Christmas on other planets

 

AND lo, they beheld a star in the east. Well, they beheld the star centuries ago, actually, but they’ve only just discovered that one of the planets orbiting it could support life. It’s not exactly in the east either, truth be told. But we mustn’t allow a good Christmas story to be spoiled by specifics.

Wise men – to wit, astronomers – this week revealed that conditions on one of the five planets orbiting Tau Ceti, a star almost identical to our own sun, are favourable to life. This planet lies in the so-called Goldilocks zone of the solar system, where it’s neither too hot nor too cold for water to exist. It goes by the name of Tau Ceti e, because until we revoke the right of scientists to name the things they find, and let right-brainers take over, that’s the sort of language we’re going to have to keep dealing with.

The Tau Ceti system, which science fiction fans may also recognise from Barbarella and numerous episodes of Star Trek, is only 12 light years away. On a planetary scale, this is like suddenly noticing a perfectly habitable house right next door to you. But it’s been there all along. It’s almost creepy, really.

The next question is, does anyone live there, and the questions after become truly momentous. What are they like? Friend or foe? More advanced or less? Have they been watching us? Did they crash in Roswell in 1947? Are they lizardy folk? Do they know about Jim Corr?

And as it’s Christmas, and nothing can appear in any printed medium at this time of year that doesn’t make reference to that fact (bah humbug), we must also take a moment to ponder whether or not they have Christmas.

Well, assuming Tau Ceti e is in an elliptical orbit around its sun, then, like us, they will have a solstice. That ‘turn’ in the year is always cause for celebration, regardless of what religious traditions your society acquires (and isn’t there a stretch in the evenings already!), so they surely celebrate it. And there’s every chance they celebrate it by eating overcooked fowl and quarrelling with all their relations.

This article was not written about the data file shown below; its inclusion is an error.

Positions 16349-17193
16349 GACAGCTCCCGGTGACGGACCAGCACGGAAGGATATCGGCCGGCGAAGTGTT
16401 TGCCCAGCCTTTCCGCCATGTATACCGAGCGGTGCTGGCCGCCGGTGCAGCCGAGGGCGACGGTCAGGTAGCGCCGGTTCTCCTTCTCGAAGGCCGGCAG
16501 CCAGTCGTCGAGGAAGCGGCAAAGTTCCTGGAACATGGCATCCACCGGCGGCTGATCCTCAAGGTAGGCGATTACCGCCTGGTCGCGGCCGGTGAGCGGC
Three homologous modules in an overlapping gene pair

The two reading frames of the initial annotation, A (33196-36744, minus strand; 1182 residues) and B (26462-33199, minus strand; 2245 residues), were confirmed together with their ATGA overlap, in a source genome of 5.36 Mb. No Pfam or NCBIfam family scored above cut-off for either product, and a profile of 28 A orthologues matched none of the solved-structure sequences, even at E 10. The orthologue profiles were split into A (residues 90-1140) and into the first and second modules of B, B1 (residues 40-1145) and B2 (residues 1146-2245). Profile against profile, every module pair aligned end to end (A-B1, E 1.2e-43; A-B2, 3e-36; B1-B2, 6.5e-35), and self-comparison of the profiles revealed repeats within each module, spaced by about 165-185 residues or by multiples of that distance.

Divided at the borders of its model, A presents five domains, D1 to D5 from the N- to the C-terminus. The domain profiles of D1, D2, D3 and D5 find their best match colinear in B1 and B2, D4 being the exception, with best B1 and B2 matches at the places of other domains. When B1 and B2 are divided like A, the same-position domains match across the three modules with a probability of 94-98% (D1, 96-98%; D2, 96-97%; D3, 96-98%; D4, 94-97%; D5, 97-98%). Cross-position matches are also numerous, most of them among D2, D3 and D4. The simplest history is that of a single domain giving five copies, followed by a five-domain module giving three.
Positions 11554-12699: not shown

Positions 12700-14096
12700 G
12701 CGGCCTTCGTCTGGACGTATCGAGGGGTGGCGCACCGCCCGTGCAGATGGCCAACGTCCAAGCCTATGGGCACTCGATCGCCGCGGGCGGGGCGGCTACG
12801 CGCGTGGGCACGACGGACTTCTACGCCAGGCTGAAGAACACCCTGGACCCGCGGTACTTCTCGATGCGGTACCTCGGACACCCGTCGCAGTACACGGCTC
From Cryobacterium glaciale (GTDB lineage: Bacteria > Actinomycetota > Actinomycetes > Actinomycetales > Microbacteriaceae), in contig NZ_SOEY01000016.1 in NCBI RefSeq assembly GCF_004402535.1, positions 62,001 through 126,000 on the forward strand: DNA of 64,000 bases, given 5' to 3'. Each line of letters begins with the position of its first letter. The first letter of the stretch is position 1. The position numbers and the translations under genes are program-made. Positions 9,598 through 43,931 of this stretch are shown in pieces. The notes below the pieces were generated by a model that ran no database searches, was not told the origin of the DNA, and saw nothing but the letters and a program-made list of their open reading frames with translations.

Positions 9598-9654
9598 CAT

You may find it a comfort, the idea that there’s an alternative Christmas happening 12 light years away, especially if you’re worried about failing in your duty on Tuesday to design, produce, direct, cater and stage-manage The Perfect Christmas for your family, to say nothing of trying to use up all those baked beans you laid in in readiness for the Mayan apocalypse the other day, which was supposed to have saved you the bother of doing Christmas at all this year, and so much for that, dammit.

It’s entirely possible that, on other planets, the Perfect Christmas is, parallel universe-style, the same as the classic Imperfect Christmas here. On Tau Ceti e, the Perfect Christmas Home might smell, not of warm cinnamon and baked apples, but of Brussels sprouts and the gastro-intestinal consequences of Brussels sprouts. Maybe the cook doesn’t have to be Nigella Lawson; maybe she can be the Medusa instead, her very gaze a terrifying weapon keeping all comers out of the kitchen. Maybe on Tau Ceti e, the whole idea is to give people presents they don’t want. And Uncle Ned – dear Uncle Ned! – may not be required to fall asleep in front of the Downton Abbey Christmas special simply because he can’t hold his eggnog – he can just be himself, and can pass out comatose because he’s in end-stage liver failure from cirrhosis.

Readers should note, however, that the period of orbit of Tau Ceti e around its sun is something around 168 days. This means they get Christmas twice as often as we do. It depends on your point of view, of course: Countless people would see that as an incentive to visit Tau Ceti e, but for many others it would be something of a deterrent, though they might not say so at this time of year for fear of spoiling the festive mood for their friends – an instinct that shows they do understand the real meaning of Christmas.

On the other hand, by the time we’re in a position to visit the Tau Ceti system, it will hopefully be because we can travel faster than light. And only think how much more manageable the Perfect Christmas will become with the aid of time travel. If you botch it, you can go back and try it again and again. You can keep on trying, in fact, until you’ve succeeded in providing your family with every seasonal cliché that advertising has told you they must want. That should earn you a bit of space (for want of a better pun).

 

Published in the Irish Mail on Sunday, 23 December 2012

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